By Mirwais Harooni and Hamid Shalizi
KABUL (Reuters) - Suicide bombers and gunmen attacked the headquarters of the Kabul traffic police on Monday, local officials said, in the second coordinated attack on a government building in less than a week.
The Taliban claimed responsibility for the attack, which raised the possibility that insurgents were now more focused on testing Afghan security forces in Kabul after a series of high-profile attacks on Western targets last year.
Violence across the country has been increasing over the last year, sparking concern about how the 350,000-strong Afghan security forces will be able to manage once foreign troops withdraw by 2014.
Four policemen and seven civilians were wounded in the assault, which began around 6 am (0230 GMT) when two bombers detonated explosives, said Interior Ministry spokesman Sediq Sediqqi.
Up to two more suicide bombers armed with automatic rifles then stormed the building, nestled between two police hubs and not far from parliament and the adjoining road that is frequented by Afghan lawmakers on their way to work.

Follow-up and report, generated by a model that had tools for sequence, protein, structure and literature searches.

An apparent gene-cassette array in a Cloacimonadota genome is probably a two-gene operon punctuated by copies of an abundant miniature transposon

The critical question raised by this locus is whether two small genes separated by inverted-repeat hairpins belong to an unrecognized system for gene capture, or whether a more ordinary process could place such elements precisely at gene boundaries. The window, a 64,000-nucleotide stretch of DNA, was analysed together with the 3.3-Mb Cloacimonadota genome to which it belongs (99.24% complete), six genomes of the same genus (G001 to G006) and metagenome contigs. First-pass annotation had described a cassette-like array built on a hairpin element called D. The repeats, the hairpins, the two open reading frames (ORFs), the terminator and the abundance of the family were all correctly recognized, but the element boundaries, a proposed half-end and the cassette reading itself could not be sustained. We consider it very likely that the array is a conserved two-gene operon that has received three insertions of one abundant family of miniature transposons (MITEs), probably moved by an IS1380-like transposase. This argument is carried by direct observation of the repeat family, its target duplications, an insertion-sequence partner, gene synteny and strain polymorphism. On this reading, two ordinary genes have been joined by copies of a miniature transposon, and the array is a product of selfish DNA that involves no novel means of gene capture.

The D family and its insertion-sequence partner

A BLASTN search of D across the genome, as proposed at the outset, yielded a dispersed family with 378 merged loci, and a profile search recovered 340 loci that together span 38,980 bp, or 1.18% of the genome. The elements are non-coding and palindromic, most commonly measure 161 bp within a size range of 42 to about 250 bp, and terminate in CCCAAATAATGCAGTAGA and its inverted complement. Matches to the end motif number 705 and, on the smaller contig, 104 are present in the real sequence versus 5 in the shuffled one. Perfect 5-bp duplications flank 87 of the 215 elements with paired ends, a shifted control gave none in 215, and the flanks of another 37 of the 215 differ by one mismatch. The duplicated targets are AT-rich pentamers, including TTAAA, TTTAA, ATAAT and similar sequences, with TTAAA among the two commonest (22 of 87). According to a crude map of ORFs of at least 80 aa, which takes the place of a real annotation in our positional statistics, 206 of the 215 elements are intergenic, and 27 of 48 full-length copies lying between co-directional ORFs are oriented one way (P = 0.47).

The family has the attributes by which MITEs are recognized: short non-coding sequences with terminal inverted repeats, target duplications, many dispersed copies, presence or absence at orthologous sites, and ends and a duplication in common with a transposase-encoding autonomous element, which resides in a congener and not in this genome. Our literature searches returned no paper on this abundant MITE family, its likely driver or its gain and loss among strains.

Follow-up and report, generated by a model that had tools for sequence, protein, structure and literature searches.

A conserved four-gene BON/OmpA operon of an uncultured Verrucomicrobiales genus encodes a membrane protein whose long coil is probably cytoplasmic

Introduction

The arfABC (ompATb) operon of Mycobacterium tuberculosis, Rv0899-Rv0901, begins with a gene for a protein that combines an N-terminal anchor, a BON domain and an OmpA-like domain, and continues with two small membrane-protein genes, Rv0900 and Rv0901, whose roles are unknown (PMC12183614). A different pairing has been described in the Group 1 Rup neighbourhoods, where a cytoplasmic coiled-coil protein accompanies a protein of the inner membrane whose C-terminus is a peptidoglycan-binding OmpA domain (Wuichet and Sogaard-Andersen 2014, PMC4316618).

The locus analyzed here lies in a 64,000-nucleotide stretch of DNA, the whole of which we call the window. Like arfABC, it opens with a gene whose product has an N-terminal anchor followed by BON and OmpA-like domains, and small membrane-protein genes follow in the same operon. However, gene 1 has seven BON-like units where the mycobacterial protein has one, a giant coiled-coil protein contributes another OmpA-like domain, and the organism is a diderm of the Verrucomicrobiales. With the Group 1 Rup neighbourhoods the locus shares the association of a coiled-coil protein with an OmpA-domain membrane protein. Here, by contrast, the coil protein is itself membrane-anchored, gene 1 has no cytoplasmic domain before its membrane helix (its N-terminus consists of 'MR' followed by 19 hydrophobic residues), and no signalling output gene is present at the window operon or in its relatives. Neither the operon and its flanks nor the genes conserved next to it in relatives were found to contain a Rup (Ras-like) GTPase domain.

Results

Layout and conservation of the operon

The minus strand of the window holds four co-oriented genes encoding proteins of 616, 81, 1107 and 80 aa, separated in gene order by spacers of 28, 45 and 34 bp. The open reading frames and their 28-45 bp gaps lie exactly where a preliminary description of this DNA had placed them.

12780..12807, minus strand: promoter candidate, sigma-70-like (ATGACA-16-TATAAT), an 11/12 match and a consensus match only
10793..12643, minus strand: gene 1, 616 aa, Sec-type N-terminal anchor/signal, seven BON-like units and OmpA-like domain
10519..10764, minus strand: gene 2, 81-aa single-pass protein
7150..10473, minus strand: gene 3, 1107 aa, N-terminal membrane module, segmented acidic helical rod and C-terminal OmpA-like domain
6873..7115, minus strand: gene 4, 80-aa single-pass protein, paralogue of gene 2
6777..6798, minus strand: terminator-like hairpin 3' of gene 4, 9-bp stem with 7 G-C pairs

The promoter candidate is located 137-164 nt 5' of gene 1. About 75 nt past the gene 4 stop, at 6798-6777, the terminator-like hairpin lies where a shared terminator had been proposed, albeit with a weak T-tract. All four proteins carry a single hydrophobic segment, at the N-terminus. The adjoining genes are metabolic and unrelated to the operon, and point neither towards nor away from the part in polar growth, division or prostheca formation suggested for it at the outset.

Thick black smoke rose from the besieged compound as an Afghan Army helicopter hovered above the site where insurgents and security forces engaged in a fierce firefight.
"Honestly speaking, this type of attack, at the start of the year, indicates the coming months are going to be tough," a government official said, speaking on condition of anonymity.
"The Taliban will want to display their presence and reach with these kinds of attacks in Kabul."
Last week, a band of six suicide bombers attacked the National Directorate of Security (NDS), killing two of its guards. That attack followed a failed assassination attempt on NDS chief Asadullah Khalid.
(Writing by Amie Ferris-Rotman and Dylan Welch; Editing by Nick Macfie)
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